Wednesday, 5 December 2012

Twitter for Educators

I have really started to use Twitter this year to aggregate information related to topics I am teaching this year. Through Twitter I have been learning about lots of web 2.0 sites that would be useful tools to forward my student's understanding in various subjects. I have put together a short Google Doc with information about Twitter. It has helpful links, and some basic information about how one "tweets".

You can access it here:

Monday, 30 April 2012

Two Great Conferences

So over the last month or so I have spent two Saturdays at conferences. It is always an iffy proposition, taking the chance that the PD will be good enough to miss out on family time. These conferences were both put on by people in our School Board. Both conferences were great, although very different.

The first conference was an "Unconference" Link: or use the QR code below.

The concept is that instead of going and having a keynote speaker and then attending a rigid schedule, you simply slip into different "conversations" facilitated by someone who is leading the session. Rather than being preached to by an expert, the voices rose among us, and we learned from each other. Upon arriving at the conference, the schedule was fleshed out as people attending the conference added their names to the list of facilitators. It puts me in mind of Teacher's College when the person up at the front of the class said "You should never teach the way I am teaching you now. Lecturing is proven to be ineffective for many learners..." In our sessions the facilitator began the conversation, but then encouraged others to lead, and even to take the conversation in new directions. It put me in mind of the new ideas around teaching math, where we have the students teaching, and sharing information whenever possible. The facilitator took a back seat and allowed us to earn from each other. This is exactly like how we should be teaching. And it worked.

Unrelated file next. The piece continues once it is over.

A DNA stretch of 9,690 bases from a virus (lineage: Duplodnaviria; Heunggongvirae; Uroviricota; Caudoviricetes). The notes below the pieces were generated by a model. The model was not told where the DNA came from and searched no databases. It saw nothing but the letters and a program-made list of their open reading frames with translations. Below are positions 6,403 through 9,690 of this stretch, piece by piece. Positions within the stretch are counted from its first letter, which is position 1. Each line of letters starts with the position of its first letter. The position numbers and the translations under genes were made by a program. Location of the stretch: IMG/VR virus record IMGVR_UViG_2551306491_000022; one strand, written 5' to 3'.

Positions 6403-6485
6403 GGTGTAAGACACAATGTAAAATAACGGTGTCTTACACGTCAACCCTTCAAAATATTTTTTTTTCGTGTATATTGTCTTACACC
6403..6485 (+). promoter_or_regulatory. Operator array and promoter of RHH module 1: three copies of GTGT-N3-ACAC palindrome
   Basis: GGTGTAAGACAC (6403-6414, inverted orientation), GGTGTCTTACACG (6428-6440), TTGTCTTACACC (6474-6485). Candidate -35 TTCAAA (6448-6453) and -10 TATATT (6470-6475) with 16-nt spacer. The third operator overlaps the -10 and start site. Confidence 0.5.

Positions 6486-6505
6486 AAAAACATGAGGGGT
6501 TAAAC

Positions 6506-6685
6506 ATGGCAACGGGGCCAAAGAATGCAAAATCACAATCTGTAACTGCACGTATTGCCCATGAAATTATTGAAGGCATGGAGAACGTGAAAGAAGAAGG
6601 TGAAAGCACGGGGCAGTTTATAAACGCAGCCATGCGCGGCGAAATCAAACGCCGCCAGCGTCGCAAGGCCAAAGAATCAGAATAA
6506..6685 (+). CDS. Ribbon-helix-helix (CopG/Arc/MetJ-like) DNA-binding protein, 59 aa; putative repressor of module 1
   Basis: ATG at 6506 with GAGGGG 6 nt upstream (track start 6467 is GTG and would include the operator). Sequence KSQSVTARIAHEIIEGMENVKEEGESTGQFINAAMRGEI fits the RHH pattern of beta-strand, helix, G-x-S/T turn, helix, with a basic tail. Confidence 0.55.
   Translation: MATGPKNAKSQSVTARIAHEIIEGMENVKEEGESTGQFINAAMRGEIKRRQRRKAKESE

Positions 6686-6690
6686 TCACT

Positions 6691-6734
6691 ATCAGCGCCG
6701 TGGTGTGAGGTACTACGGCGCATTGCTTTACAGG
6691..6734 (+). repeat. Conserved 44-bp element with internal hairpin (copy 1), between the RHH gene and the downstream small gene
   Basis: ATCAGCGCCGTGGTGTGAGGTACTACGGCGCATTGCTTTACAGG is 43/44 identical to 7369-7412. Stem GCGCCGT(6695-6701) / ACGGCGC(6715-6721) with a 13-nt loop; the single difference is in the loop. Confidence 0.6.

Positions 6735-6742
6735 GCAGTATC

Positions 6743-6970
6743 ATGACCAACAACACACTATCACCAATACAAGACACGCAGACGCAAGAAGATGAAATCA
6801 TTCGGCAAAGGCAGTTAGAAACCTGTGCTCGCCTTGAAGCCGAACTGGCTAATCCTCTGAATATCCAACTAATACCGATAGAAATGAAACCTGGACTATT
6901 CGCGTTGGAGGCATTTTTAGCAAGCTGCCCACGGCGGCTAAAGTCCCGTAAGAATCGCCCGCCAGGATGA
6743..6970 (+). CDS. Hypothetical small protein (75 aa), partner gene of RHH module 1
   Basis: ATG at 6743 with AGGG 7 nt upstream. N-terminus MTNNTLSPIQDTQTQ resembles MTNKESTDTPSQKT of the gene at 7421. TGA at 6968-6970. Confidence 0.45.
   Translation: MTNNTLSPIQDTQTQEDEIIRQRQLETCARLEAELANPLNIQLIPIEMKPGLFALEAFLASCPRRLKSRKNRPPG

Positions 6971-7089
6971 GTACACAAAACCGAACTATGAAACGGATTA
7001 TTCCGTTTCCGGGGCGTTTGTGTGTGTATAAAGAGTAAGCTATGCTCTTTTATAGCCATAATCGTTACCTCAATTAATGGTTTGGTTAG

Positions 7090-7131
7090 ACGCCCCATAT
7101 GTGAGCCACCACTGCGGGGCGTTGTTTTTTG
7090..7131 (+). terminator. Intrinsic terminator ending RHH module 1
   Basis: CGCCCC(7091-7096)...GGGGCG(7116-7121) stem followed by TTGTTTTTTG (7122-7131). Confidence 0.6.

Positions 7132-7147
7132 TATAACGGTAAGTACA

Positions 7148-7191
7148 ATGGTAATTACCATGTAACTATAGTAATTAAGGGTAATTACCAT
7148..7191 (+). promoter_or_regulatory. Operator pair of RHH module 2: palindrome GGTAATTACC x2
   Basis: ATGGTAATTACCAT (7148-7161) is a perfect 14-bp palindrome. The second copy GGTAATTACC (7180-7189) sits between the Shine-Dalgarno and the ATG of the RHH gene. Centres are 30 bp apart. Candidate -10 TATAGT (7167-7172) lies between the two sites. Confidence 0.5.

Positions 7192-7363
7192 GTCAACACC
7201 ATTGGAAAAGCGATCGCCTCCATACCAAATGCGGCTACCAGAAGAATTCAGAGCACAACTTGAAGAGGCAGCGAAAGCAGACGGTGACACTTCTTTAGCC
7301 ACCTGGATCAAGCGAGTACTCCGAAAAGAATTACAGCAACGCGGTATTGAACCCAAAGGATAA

Another big concept was that if you were in a session that wasn't working for you, you just slipped out and joined another session. In this way, everyone was virtually guaranteed to experience worthwhile discussions that were geared towards their own areas of interest. It was an excellent opportunity to learn from others, and how others are tackling the idea that technology is a central part of education moving forward. Everyone had a voice in these sessions, and we genuinely learned a lot from each other.

The second conference was "Waterloo goes Wireless". Link: or use the QR code.

It was a more traditional in that it had a keynote speaker, but there were interactive, voluntary additional activities one could engage in during breaks. This allowed for impromtu learning as I played a game, and ended up learning several new ideas during my lunch break. The PD sessions had tons of ideas and information shared in them, and again I leaned a lot. My biggest "uh-huh" moment was when I realized that the web 2.0 moniker "Social Network" has always put me off. I suddenly realized something as I experienced many different web 2.0 sites this weekend. The web has moved from 1.0 (the static information internet) to 2.0 ( the interactive, fluid communication internet). This doesn't mean that the internet has become a stagnant repository of everyone's gossip, but rather it means that everyone one is learning, sharing and collaborating to create new ideas and information on the world wide web. It is exciting stuff, and I hope to make better use of it in my teaching practice.

Sunday, 4 March 2012

Google Drive - Anywhere you need it.